July 18, 2018

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Place Your Hands in the Air and Step Away from the Computer!

I sometimes feel as if we’ve reached the point where if we cannot source, find, identify, or research a company using some form of internet based tool that we can not possibly be doing something right.

Week after week I get calls about which software, what online service, Application Service Provider (ASP), what system tools, email this or that are we using.

I can tell if I reply with something simplistic: Such as, “Oh gosh we just use Outlook Express or Act …” that I’m getting stares from the corner of the caller’s eye for being so low tech.

Such a call came in recently prompting this article. It went like this:

Jean, a recruiter with a local firm, calls seeking assistance. She knows a particular financial services company is laying off thousands of people nationally starting next week and wants names of employees in their New Jersey office to solicit among which hundreds locally could be effected.

I ask her to provide a sampling of the names, titles, salary levels she’s looking to connect with. She mentions the New Jersey office location and how “I’d LOVE to find out who’s in these positions and be able to call them”.

During the entire call she was stuck on the solution having to be some online system, email harvesting, or research tool. Every question asked centered around whether she should:

  • Use an online researching tool such as Eliyon, Broadlook,
  • A search engine like Google or Yahoo or …
  • Subscribe to a fee based service such as Gale or Hoovers.

I listened. And knew immediately what her problem was: Jean was hopelessly addicted to her PC keyboard.

“Jean,” I said, “you need to put your hands up in the air and step away from the computer. Now.” Apparently she did not think that was funny.

I outlined a short, inexpensive, two-hour telephone training session and explained by the end of the two hours I felt confident she’d have the names. When in two days I didn’t hear back, I realized she was not convinced so I decided to have some fun.

A few days later during an extended lunch hour I drove by the local division of the company she was targeting. I made a few observations from the street while pulled over:

  • There was no security gate
  • The employee parking lot was accessible to all
  • The building was shared by three other companies

I proceeded driving the half mile driveway and made my way around the East parking lot, then North, West, and South. I drove around twice to get a feel for the place.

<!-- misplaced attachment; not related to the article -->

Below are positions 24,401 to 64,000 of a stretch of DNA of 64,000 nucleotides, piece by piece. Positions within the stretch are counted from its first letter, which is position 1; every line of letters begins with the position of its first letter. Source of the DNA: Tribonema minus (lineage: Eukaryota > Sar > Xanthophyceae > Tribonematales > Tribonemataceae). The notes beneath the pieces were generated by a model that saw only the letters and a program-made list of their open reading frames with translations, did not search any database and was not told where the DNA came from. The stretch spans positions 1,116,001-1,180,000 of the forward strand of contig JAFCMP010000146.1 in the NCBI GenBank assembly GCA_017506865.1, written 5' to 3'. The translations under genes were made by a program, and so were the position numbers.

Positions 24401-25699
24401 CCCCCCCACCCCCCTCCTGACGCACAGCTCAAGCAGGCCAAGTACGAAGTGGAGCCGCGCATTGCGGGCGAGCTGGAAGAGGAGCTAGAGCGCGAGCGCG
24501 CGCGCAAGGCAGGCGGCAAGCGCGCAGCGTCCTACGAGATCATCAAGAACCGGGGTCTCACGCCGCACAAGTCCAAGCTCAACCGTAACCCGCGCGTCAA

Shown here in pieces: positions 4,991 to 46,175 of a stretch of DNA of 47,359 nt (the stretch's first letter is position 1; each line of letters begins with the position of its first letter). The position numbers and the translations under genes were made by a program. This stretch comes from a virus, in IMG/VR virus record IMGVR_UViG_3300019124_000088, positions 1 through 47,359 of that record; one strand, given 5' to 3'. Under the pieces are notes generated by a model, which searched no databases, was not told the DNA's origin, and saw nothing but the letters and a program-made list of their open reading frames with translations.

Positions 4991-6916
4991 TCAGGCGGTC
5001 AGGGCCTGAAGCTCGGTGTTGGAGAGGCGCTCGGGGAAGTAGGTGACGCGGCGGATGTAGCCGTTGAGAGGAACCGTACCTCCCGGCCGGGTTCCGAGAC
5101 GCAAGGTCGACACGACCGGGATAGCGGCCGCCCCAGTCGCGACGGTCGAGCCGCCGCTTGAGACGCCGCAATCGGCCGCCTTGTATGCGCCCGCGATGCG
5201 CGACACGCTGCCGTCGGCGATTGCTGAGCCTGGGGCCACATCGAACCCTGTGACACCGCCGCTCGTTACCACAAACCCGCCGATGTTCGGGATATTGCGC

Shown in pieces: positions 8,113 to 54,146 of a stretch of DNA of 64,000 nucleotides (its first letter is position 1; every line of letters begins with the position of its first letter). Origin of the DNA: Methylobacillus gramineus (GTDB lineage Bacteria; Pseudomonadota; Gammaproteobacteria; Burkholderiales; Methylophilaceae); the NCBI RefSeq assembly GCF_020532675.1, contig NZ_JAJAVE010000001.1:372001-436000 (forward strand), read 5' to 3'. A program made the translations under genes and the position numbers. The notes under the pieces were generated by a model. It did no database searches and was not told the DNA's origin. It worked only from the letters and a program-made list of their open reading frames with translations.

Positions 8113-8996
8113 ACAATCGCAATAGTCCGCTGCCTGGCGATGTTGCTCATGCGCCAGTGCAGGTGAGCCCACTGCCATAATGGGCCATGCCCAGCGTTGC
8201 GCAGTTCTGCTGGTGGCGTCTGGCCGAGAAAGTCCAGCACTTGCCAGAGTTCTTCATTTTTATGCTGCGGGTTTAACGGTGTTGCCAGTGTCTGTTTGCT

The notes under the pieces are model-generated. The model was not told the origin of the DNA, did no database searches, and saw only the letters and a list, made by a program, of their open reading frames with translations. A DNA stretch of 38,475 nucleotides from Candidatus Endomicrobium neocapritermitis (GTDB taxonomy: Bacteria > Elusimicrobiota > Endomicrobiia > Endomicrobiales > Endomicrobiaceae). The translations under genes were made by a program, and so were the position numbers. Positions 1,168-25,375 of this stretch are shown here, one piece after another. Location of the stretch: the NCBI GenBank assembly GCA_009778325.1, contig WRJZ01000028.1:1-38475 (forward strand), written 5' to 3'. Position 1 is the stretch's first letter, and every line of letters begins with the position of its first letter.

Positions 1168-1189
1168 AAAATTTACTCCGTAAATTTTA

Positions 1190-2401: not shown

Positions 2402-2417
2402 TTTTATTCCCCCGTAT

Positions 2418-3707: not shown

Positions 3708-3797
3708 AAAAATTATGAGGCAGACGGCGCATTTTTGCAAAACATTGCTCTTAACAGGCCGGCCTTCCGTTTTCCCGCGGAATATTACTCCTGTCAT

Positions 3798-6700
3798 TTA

I then parked and walked around a bit. I eventually went into the lobby and hung out there … I studied the directory listing … the layout, etc. ( I was dressed well with herringbone jacket shirt and tie and NO, I was not acting suspiciously!)

I wasn’t sure what I was looking for, but knowing some of the people walking past me were Jean’s targets made me feel confident I’d get an idea soon.

The idea came to me when I walked back out and noticed the employee parking spaces for Jean’s company were clearly marked with yellow outline and an emblem stating “Parking for XYZ Employees Only”.


That day I had my assistant print up about forty flyers on elegant IRES stationary and staple my business card to each. The text was very short and brief. I returned to the lot during the middle of the afternoon two days later and made sure each space occupied by XYZ company’s automobiles got a flyer on their windshield.

Corny? Perhaps. Too easy? Maybe.

Within two days six individuals called. I got all their names, title and phone numbers.

Armed with this information I called Jean the recruiter back whom I had not heard from during the week and a half that had passed.

I asked Jean if she succeeded using an online service that could produce the results she was looking for. “No,” she replied, “I’m trying to analyze my options carefully.” She went on to indicate she was between two internet services which I believe were Broadlook or Eliyon or something along those lines.

I stated the title, salary, and residential location of one individual and asked if that’s what she was looking for.

“YES!,” she said, “who gave you that person?” I rattled off two more.